Forget about receiving your MFA degree, doing an unpaid internship at a prestigious publishing house or even, you know, having any literary talent whatsoever. There's a new and efficient way to become a published author: Sleep with a famous male celebrity! As a young writer, I dream of one day writing the next great American memoir. But it's starting to seem that I'll have a better shot if I aim for writing the next great American mistress memoir.
The mistakes, transgressions and "sex addictions" of contemporary male celebrities have paved the way for a new sub-genre of memoir. It's one that eschews the more traditional writing methods: Work hard, cultivate your talent and capture life's ineffable moments in poignant prose. Loredana Jolie Ferriolo, allegedly Tiger Woods' favorite mistress, is writing her sordid story and hoping to sell it for $1 million. Within her book, she plans to graphically describe Tiger's sexual proclivity for men, a revelation that "is the key to Loredana's hopes for making a seven-figure deal, no matter how unlikely that seems." (No wonder we're facing the end of book publishing.) Not all of Tiger's many mistresses are writing books, of course, but several of them have already made the pages of the illustrious Vanity Fair.
Just last month, two of Norman Mailer's mistresses published their memoirs on the same day. Random House published "A Ticket to the Circus" by Norris Church Mailer, a mistress turned wife turned author, and Phoenix Books published "Loving Mailer" by Carole Mallory, Mailer's mistress since 1983. Both have received critical acclaim. Mallory recently told the New York Times: "Norman and I shared both an intimate and emotional relationship that was also a creative and professional partnership, and I wanted to show that."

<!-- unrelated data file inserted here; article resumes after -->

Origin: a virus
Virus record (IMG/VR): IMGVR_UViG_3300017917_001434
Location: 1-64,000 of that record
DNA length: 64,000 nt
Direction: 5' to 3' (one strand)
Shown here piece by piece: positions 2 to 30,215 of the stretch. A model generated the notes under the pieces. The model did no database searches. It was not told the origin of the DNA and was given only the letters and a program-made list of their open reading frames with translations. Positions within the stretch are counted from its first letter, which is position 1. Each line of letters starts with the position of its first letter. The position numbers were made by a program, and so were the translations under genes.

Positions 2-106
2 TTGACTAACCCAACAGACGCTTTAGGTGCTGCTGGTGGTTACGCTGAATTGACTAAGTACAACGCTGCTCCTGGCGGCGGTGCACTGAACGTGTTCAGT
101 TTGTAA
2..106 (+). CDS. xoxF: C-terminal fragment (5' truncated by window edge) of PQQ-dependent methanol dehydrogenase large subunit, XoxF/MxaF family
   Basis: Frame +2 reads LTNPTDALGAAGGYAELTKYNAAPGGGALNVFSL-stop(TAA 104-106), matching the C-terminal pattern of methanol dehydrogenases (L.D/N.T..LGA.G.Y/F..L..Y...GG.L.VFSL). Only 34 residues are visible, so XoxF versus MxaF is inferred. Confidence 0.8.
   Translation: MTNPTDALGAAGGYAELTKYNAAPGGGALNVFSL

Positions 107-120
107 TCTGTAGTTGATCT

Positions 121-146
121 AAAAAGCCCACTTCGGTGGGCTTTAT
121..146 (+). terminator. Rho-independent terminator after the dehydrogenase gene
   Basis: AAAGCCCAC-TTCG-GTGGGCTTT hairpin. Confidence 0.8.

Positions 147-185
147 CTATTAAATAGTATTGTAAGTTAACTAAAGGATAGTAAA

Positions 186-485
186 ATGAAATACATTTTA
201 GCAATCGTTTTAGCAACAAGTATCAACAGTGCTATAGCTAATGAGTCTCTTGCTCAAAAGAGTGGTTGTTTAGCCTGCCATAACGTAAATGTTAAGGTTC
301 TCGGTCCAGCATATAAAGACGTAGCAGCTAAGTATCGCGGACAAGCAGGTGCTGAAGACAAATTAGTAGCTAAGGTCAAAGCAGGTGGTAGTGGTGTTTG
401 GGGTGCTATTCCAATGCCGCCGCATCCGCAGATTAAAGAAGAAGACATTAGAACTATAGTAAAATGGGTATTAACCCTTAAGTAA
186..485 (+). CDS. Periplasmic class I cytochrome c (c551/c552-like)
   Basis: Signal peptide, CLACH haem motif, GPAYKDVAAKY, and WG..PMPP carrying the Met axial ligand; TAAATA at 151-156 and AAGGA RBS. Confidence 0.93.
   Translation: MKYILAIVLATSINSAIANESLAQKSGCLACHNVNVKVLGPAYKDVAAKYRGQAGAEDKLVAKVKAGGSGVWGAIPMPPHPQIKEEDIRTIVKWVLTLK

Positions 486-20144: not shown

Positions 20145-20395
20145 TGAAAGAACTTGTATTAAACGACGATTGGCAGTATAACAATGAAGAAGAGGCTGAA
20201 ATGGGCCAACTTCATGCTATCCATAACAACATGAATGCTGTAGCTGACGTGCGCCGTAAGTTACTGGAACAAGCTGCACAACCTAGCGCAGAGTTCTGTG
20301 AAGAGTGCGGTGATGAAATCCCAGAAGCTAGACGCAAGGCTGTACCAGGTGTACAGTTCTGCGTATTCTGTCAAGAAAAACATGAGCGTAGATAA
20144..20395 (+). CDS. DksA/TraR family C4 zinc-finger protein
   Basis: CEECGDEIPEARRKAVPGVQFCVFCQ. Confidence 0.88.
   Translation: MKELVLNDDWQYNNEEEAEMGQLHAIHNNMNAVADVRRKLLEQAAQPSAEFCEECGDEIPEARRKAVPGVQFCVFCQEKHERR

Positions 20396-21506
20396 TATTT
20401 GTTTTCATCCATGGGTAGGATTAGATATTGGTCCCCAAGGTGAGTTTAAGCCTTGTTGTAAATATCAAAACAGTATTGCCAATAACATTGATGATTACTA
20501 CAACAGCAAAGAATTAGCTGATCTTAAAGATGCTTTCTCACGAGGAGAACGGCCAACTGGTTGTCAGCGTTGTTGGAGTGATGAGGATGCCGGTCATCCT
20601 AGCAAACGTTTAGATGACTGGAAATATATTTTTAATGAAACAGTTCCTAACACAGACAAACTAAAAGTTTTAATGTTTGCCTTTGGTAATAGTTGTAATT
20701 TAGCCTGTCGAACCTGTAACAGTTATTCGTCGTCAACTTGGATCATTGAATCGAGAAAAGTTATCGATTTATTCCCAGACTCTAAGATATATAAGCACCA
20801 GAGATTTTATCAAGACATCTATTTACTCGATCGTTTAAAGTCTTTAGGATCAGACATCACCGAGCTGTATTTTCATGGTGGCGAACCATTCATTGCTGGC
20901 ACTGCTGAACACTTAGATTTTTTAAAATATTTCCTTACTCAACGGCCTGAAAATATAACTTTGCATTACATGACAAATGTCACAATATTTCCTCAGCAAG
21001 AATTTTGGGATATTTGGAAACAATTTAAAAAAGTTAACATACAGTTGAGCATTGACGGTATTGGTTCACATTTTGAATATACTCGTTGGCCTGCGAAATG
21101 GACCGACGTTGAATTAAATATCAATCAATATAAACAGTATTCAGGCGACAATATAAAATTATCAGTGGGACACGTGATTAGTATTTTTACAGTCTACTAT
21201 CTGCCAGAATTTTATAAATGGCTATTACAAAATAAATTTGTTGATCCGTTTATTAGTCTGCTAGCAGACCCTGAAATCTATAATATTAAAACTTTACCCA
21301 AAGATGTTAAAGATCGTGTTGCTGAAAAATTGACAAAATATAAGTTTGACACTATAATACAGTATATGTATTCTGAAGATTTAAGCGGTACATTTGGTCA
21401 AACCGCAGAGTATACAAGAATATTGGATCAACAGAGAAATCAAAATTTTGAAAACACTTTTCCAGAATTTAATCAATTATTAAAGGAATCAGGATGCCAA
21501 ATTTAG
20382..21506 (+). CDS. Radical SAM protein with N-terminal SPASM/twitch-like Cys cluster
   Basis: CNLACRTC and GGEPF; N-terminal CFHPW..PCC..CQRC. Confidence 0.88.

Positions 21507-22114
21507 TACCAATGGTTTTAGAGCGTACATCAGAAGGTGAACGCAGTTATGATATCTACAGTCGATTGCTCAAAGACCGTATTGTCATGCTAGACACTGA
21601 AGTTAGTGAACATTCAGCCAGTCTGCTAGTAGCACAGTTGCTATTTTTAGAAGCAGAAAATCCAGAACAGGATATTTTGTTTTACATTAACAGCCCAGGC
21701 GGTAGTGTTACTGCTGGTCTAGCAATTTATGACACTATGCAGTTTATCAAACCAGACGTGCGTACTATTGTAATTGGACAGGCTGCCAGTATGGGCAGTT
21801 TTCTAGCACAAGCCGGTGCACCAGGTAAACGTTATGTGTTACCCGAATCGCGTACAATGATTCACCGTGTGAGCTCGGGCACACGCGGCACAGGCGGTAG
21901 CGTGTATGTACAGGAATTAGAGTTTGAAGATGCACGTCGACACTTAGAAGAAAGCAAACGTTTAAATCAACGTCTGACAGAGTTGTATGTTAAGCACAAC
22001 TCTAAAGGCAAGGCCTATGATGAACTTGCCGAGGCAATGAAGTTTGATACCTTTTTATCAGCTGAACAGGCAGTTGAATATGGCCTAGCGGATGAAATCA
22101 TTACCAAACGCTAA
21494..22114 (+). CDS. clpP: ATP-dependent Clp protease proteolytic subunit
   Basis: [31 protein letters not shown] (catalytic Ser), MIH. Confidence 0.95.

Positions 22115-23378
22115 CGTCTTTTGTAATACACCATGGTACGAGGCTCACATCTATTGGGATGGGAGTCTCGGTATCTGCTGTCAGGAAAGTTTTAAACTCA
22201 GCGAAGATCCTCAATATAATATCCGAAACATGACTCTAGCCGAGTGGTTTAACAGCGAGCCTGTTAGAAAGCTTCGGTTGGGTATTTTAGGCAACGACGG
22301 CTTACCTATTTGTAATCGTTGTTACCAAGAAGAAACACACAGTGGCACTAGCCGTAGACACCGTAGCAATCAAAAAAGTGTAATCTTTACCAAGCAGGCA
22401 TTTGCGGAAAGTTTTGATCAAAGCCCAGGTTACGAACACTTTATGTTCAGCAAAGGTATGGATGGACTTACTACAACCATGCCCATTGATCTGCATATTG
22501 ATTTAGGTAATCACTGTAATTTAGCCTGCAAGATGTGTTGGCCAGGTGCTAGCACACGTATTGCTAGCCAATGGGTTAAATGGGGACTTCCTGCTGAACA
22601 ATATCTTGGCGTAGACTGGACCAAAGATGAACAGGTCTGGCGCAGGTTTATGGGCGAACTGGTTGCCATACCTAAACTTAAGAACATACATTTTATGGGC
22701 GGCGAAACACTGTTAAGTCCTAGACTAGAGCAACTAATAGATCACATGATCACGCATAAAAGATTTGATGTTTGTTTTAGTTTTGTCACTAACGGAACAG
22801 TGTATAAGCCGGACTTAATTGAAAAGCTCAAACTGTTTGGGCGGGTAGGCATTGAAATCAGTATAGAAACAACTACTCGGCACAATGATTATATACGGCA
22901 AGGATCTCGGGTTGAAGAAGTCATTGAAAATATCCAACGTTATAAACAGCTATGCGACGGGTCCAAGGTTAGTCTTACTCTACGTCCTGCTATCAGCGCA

The mistress of David Boreanaz, the latest outed celebrity adulterer, has plans to turn their dirty trysts into a book as well. The woman's attorney, Gloria Allred, confirmed to Radar: "She has decided to tell the story of their relationship, so that the truth will come out." Allred added that "the woman has not decided how or where she will tell her story." OK, so these might not all be book deals. These are, more precisely, book deals in the making. But it's striking that these women have the assumption that they can leverage fleeting notoriety into publishing success. Even more striking: I suspect they're right.
If not a memoir, there's always print journalism. Ashley Dupré, Eliot Spitzer’s call girl, was given an advice column for the New York Post at the precocious age of 24. In a video announcing her new job, Ashley says, fingering her glasses, "I used to be on the front page of the New York Post. Now, I’m writing for it." (Note: Real writers do not play with their glasses this way. Glasses are to see your words on the page; they are not a secondary sex characteristic.) And let's not forget other forms of media: Another Woods mistress, Rachel Uchitel, has signed on as a correspondent for the syndicated entertainment show "Extra."
I'm not saying mistresses are bad people because they're bad writers; they're bad writers because they're not writers. (Also, maybe they are bad people? Just kidding.) They begin as obscure women who want more than powerful men — they want the power and accolades and permission that come with the men. Although being a mistress might be a productive career path, I doubt it is truly the best way to become a writer. Unless I'm wrong, and I need to adjust my writing practice.